SHELBY — Nearly 60 string musicians played a rousing bluegrass tune before Gov. Pat McCrory spoke at Saturday’s dedication of the Earl Scruggs Center: Music & Stories from the American South.
Rain forced part of the grand opening celebration inside the sanctuary of Central United Methodist Church across from the new $6.5 million center that honors the late Cleveland County native and master of the five-string banjo.
As a standing-room audience clapped, a lineup of musicians that included noted bluegrass mandolin player Sam Bush and members of the Steep Canyon Rangers, a band that tours with actor/banjo player Steve Martin, played the instrumental “Reuben.” It’s the same number a young Scruggs picked when he learned to play the five-string banjo with three fingers.
McCrory told the audience that on the way to Shelby he had cranked up Earl Scruggs music full-blast in the car and that as he stood in the church sanctuary, “I feel like I’m in the Grand Ole Opry.”
Although he prepared a speech, McCrory said, “Earl didn’t like to listen to speeches. I can listen to music – how about you?”
He asked for an encore from the musicians. As they regrouped, McCrory said of the center, “This is going to help our economy. It’s the Grand Ole Opry right here in Shelby, N.C.”
The musicians came back and played “Foggy Mountain Breakdown,” a song used in the 1967 movie “Bonnie and Clyde.”
Other dignitaries at the ceremony included Scruggs’ sons, Gary and Randy, country singer Travis Tritt, and U.S. Rep. Patrick McHenry.
Gary Scruggs said his father and mother were behind the center from the beginning and that “I’m sure they’d be happy with the results.”
Cleveland County commissioners Chairman Jason Falls called Earl Scruggs a “homegrown legend” and said the center honoring his music and influence will “shape the lives of generations to come.”
The Scruggs brothers, Tritt, along with singer Vince Gill, Sam Bush and others were to perform Saturday night in a sold-out program, “Remembering Earl: Music & Stories.” The show was to be emceed by WSM Grand Ole Opry host Eddie Stubbs.
Banjos ‘make you feel happy’
Born Jan. 6, 1924, in the Flint Hill community near Boiling Springs, Scruggs worked in a Shelby textile mill before he joined Bill Monroe’s band and performed on the Grand Ole Opry on Dec. 8, 1948, in what was to be the birth of bluegrass music. Scruggs, who was inducted into the Country Music Hall of Fame, died March 28, 2012, in Nashville, Tenn.
The new Scruggs Center is in the historic Greek revival Cleveland County courthouse in uptown Shelby. Planning for the center began in 2006, and it was launched two years later by Destination Cleveland County as a way to lure tourists to an economically depressed county.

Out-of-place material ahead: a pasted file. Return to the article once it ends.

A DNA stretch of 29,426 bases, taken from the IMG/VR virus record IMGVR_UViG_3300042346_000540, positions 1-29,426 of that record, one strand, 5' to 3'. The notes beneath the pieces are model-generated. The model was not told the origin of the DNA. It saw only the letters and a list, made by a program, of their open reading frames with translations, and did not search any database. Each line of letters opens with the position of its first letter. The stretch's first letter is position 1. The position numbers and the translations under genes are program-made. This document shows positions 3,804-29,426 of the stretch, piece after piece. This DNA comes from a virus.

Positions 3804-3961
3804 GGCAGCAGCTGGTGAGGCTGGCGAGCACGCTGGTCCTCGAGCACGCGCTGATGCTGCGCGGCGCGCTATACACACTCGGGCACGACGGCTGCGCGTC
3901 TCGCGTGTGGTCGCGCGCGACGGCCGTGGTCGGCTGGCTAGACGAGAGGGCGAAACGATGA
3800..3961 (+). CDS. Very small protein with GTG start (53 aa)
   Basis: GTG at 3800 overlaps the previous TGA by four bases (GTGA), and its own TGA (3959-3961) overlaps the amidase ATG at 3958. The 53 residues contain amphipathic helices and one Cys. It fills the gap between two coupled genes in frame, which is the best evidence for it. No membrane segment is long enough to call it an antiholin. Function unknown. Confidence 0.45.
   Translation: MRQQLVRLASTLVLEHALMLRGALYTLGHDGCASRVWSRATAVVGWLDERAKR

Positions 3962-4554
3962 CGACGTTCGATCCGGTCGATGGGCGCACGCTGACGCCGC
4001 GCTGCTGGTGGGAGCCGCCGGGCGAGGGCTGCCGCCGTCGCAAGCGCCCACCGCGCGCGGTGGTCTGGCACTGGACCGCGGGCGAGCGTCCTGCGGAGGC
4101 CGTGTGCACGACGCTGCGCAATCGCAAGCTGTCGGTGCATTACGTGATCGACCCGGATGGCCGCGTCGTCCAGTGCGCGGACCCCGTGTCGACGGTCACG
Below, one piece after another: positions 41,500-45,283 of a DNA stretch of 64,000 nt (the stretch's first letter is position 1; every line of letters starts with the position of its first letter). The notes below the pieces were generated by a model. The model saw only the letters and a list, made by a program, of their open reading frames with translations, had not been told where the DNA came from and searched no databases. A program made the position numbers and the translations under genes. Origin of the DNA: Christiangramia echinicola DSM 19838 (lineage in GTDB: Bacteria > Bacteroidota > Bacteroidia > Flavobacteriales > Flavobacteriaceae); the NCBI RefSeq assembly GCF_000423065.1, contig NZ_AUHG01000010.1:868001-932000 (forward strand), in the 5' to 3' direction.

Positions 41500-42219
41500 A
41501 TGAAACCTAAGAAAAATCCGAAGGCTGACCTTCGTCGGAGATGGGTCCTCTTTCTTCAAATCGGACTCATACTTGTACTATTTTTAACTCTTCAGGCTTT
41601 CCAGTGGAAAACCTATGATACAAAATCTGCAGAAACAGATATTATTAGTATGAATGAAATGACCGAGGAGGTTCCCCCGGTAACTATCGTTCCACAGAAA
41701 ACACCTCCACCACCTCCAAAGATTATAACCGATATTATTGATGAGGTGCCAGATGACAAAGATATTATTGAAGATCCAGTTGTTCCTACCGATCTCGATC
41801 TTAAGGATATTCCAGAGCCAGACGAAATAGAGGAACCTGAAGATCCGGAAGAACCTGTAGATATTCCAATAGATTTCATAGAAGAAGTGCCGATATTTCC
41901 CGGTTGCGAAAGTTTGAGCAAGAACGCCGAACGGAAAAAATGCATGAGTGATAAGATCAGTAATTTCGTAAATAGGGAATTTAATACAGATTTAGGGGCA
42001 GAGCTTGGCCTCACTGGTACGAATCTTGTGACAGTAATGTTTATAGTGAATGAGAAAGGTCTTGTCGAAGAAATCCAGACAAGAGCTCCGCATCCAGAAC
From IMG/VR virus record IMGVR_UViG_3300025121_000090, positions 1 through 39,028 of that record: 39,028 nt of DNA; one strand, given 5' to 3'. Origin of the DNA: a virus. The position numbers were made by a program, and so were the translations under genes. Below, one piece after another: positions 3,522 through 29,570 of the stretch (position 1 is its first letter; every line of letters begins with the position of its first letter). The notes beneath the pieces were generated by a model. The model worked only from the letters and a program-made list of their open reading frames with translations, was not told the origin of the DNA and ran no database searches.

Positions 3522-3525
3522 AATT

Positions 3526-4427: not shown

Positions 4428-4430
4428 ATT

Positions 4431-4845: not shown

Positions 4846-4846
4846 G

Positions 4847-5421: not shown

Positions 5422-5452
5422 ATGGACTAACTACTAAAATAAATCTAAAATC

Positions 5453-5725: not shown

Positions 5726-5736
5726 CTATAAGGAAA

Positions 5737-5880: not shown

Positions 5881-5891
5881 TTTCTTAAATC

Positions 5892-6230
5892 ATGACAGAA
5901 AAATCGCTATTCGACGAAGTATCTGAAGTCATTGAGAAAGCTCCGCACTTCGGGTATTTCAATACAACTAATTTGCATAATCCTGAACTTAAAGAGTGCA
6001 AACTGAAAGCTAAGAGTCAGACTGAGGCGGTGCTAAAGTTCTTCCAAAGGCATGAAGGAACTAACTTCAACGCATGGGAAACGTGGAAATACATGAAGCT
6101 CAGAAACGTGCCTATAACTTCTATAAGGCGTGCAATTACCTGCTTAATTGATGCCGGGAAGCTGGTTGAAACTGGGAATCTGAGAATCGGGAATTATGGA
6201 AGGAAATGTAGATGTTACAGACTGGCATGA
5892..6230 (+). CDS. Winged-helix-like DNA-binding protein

That same year, Destination Cleveland County opened the Don Gibson Theatre a few blocks away, in the renovated 1939 art deco State Theater. The 400-seat performing arts venue is named after another local music legend.
The Scruggs Center has been a long time in the works. But now the old courthouse has been transformed into a high-tech center that not only focuses on the career of a performer who became a world musical force, but also the cultural history of the region.
Saturday’s rain apparently didn’t dampen the spirits of several hundred music fans who showed up for activities that had moved inside the church and the adjacent Cleveland County Arts Center.
At the arts center, visitors could listen to such performers as Gingerthistle, get a slice from an Earl Scruggs birthday cake or sample one of the banjo master’s favorite snacks – cookies and milk.
Alex Garmise, his wife, 3-year-old daughter, and mother-in-law drove up from Spartanburg, S.C., for the celebration.
Recently, he bought a used five-string banjo in Asheville, checked out the Earl Scruggs banjo book from a local library and began learning how to play. Hearing about the Scruggs Center grand opening on National Public Radio, “I said I felt like going,” Garmise recalled.
The rain didn’t matter. “You just put an umbrella up and go to it,” Garmise said.
Bluegrass music fans Laurie Hawks-Saultz of Ellerbe and Kim Crump of Rockingham also weren’t put off by bad weather. “Banjos always make you feel happy,” said Crump, 52. “You forget all about the rain.”
Tanzy Wallace of Shelby came to see the Scruggs Center’s historical look at the contribution of her late grandfather, promoter Ray Cabaniss. For decades, he brought famous African-American acts to Shelby, including Bo Diddley, The Staple Singers, Aretha Franklin, and Kool and the Gang.
“I’m glad they are recognizing my grandfather and showing his importance in the community,” Wallace said. “He brought the community together.”
After a ribbon-cutting ceremony, McCrory and other dignitaries toured the Scruggs Center. At an interactive table, he and Randy Scruggs picked virtual instruments at the same time.
“Hey, I’m playing with one of the Scruggses – that ain’t bad,” McCrory said.
Five-string banjo player J. Max McKee was among the first from the general public to step inside the new center.
“It’s beautiful,” said McKee, 65, of Shelby, as he looked around. “Earl Scruggs was the master. I think this center is a good thing for Shelby and Cleveland County. What more can you say?”